A Flock of Seagulls so thoroughly embodied the music and style of the 1980s that, in some ways, it has come to define the decade. The band's New Wave sound and hilariously bad music videos (and hairdos) helped it become iconic.
Lead singer, songwriter, and lone original member Mike Score isn't immune from nostalgia for the '80s. Every time he plays one of the old hits, he's transported to the time when he wrote the melody and lyrics, and he occasionally indulges in what-if scenarios. "I'll kind of wander off in my mind, and sometimes I'll even write new lyrics for the songs while I'm playing them, which is a strange thing," he says. "It's like, what if I had done it all differently? It definitely is a nostalgia trip, but it's a different one for me than it probably is for you."
The Score, now 60, is set to play New Times' Brew at the Zoo this Saturday, May 12, with the most recent iteration of A Flock of Seagulls. And speaking of nostalgia, he recently traveled to England and reunited with the band's original lineup — his brother Alister Score (drums), Frank Maudsley (bass), and Paul Reynolds (guitar) — to record orchestral versions of the band's greatest hits with the Prague Philharmonic Orchestra. The album, Ascension, is due out this summer. It will mark the first time all four original members have appeared on a record together since 1984's The Story of a Young Heart.
"When we recorded in the '80s, we used synthesizers where there could have been an orchestra," Score says. "Now it's gone the other way around. They basically took what I played on the synth and expanded it with orchestral runs and slightly different melodies. It makes it fresh again."
Slower numbers, such as "Space Age Love Song" and "Wishing (If I Had a Photograph of You)," naturally lent themselves to symphonic treatments, but more synthetic-sounding, Devo-esque deep cuts, such as "Electrics," were given totally new life thanks to the classical instrumentation. Pervasive hit "I Ran (So Far Away)" is reimagined with greater dimensions and a totally new composition, and Score considers the difference refreshing.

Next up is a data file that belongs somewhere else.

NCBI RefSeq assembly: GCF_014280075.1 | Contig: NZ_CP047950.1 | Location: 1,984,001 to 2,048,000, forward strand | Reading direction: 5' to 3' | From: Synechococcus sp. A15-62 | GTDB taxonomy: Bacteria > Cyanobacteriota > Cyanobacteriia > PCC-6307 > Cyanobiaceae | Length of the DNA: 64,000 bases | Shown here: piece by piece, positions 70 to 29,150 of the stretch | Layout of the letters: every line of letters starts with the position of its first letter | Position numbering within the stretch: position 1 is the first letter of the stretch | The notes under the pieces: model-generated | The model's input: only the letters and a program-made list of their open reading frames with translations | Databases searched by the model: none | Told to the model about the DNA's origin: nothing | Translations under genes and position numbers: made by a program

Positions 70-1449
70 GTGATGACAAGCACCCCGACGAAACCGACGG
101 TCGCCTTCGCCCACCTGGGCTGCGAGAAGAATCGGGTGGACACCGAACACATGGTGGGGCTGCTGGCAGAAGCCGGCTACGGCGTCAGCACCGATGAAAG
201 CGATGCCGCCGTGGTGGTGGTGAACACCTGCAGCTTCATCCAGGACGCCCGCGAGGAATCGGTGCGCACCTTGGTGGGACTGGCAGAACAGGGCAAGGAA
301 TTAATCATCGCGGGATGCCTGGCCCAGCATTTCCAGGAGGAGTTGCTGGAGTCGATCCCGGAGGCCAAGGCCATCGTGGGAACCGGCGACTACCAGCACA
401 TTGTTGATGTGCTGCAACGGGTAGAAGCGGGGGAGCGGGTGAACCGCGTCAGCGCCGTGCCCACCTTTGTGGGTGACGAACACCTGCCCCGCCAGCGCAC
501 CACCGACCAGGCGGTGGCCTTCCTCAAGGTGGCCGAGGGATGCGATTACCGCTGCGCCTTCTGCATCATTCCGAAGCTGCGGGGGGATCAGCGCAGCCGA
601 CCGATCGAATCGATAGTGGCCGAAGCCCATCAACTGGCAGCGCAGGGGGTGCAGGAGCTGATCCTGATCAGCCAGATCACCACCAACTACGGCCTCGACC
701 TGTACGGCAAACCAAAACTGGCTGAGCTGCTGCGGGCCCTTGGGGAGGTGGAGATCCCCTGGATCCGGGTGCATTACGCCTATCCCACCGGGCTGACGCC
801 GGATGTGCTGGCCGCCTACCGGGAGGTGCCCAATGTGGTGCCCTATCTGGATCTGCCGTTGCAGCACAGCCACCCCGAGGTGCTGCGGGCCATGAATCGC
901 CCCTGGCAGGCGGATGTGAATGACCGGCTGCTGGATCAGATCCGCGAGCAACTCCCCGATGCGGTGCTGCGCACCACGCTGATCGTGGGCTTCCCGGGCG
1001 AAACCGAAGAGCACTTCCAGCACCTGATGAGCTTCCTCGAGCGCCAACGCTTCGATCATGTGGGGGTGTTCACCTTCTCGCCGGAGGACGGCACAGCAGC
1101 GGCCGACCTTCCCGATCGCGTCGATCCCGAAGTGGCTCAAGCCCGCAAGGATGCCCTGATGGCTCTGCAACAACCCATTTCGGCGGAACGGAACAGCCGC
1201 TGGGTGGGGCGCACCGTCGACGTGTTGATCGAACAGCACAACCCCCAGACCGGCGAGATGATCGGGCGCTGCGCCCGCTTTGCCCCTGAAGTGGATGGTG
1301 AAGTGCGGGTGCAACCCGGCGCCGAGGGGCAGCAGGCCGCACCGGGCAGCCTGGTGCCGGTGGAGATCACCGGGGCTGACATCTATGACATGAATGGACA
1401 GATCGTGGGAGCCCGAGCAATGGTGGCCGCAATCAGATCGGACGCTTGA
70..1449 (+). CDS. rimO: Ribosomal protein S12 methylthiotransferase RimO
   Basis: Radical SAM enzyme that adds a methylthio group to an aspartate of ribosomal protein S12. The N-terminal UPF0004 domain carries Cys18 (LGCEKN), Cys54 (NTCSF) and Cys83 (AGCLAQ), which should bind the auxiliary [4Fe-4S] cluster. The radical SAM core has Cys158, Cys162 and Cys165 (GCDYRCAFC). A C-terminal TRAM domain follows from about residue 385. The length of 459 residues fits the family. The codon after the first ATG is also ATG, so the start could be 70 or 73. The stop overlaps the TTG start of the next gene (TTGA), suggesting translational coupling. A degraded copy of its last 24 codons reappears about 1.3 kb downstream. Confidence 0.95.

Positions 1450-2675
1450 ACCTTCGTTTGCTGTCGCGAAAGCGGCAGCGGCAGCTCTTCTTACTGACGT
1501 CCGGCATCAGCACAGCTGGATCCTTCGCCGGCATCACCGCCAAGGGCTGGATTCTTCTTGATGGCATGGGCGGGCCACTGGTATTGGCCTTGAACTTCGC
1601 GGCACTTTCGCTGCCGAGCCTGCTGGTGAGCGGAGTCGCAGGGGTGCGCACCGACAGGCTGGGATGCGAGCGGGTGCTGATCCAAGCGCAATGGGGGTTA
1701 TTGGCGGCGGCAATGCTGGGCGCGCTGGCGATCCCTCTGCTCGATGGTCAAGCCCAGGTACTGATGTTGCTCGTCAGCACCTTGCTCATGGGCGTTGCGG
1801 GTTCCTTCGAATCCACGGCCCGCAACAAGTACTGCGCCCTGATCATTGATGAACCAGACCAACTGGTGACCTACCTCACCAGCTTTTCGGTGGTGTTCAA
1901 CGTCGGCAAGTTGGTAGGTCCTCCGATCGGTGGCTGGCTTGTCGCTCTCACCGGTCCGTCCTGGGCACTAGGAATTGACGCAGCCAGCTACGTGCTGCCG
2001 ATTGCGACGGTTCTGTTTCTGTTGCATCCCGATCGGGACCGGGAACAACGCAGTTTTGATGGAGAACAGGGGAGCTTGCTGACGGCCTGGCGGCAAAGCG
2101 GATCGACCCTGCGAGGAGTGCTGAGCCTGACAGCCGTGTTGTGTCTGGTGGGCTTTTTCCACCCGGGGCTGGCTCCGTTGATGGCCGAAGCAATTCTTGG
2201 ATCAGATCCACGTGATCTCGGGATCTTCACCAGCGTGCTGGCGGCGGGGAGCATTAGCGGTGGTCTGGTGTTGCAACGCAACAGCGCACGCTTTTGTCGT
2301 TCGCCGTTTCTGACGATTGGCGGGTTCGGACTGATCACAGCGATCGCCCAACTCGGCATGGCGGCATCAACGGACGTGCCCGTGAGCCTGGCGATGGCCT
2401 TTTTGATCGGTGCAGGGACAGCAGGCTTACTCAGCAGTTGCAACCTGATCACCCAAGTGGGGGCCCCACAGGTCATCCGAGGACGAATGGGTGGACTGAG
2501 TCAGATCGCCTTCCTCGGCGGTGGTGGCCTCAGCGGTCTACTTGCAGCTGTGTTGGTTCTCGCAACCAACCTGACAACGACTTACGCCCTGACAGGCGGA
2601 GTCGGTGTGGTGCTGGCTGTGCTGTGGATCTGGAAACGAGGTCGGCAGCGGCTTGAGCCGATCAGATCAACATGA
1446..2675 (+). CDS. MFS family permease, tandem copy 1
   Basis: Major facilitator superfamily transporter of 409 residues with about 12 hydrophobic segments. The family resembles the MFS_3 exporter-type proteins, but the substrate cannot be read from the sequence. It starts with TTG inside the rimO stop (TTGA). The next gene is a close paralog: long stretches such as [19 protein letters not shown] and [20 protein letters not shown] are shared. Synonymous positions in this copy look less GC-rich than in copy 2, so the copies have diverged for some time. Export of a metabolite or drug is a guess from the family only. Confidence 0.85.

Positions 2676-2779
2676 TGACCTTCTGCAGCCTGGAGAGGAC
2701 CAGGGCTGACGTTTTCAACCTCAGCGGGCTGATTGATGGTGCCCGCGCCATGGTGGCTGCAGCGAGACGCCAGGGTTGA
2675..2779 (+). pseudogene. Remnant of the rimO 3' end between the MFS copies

"After playing that song for 35 years, I'm like, 'Change it all,'" he says with a laugh. "Some nights, I really enjoy playing it, but most nights, I do it because the crowd wants it. So you put a lot into it. That was the biggest hit, and people always want to hear it live. Really, it's for the people who come to see us."
Through the process of re-recording his vocals, Score noticed how much his voice has changed since he began performing in the early '80s — it's deeper and stronger, he says. And this time around, his voice wasn't treated with nearly as many studio effects; they're left unaltered so as not to distract from the orchestral elements. "People know the lyrics; people know the vocal melodies. So it's more about what the orchestra is doing."
Despite having written a few international hits, Score says he's never really identified as a musician. "I can't imagine having to sit down and practice scales," he says. "I would go out of my mind." He's simply a creative person who happens to love messing around with synthesizers. "When synths came out, nobody could tell you how to play or program one. It was up to you to mess about with them, and I never got past that stage."
As a keyboard player, he says he never rehearses but relies on muscle memory — and his bandmates. "I'm not really what you'd call a player," he says. "So right before the gig, I'll go, 'Oh, yeah, that's the chord there.' And I often ask the other guys in the band, 'How does this start again?'"
Score has a studio at home where he "plays around with his toys," but, likely to the disappointment of gearheads everywhere, he has long since sold his collection of vintage synthesizers. "It's too much trouble," he says. "They always break down, and then you have to wait six months for them to find that one little switch, or you've got to send it away and risk breaking it even further. I used to have a few [Roland] Jupiter-8s and [Yamaha] DX7s, but you can do the same stuff in software, and to me it sounds just as good. I don't have hi-fi ears."
Something else has changed since A Flock of Seagulls' glory days: Score's hairdo. A former hairdresser, he famously rocked a style that resembled the inverse of Cameron Diaz's do in There's Something About Mary. But in recent years, he's taken to shaving his head completely.
"People always want to know why I don't do my hair like that anymore," he says. "Well, it's because I'm an old man now. It was a wonderful thing. I look back now and think, What a great image, and what a lunatic time that was. Everybody loved it, but if I tried it now, I'd just look like a fool. Generally, I don't want to look like a wrinkled old man with a 1980s haircut."
A Flock of Seagulls at New Times' Brew at the Zoo. 7 to 11 p.m. Saturday, May 12, at Zoo Miami, 12400 SW 152nd St., Miami; 305-571-7579. Tickets cost $40 to $80 via newtimesbrewatthezoo.com.
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Howard Hardee is a freelance writer based in Madison, Wisconsin. Originally from Fairbanks, Alaska, he has a BA in journalism and writes stories about music, outdoor adventures, politics, and the environment for alt-weeklies across the country. He is an aficionado of fine noises and has a theremin in his living room.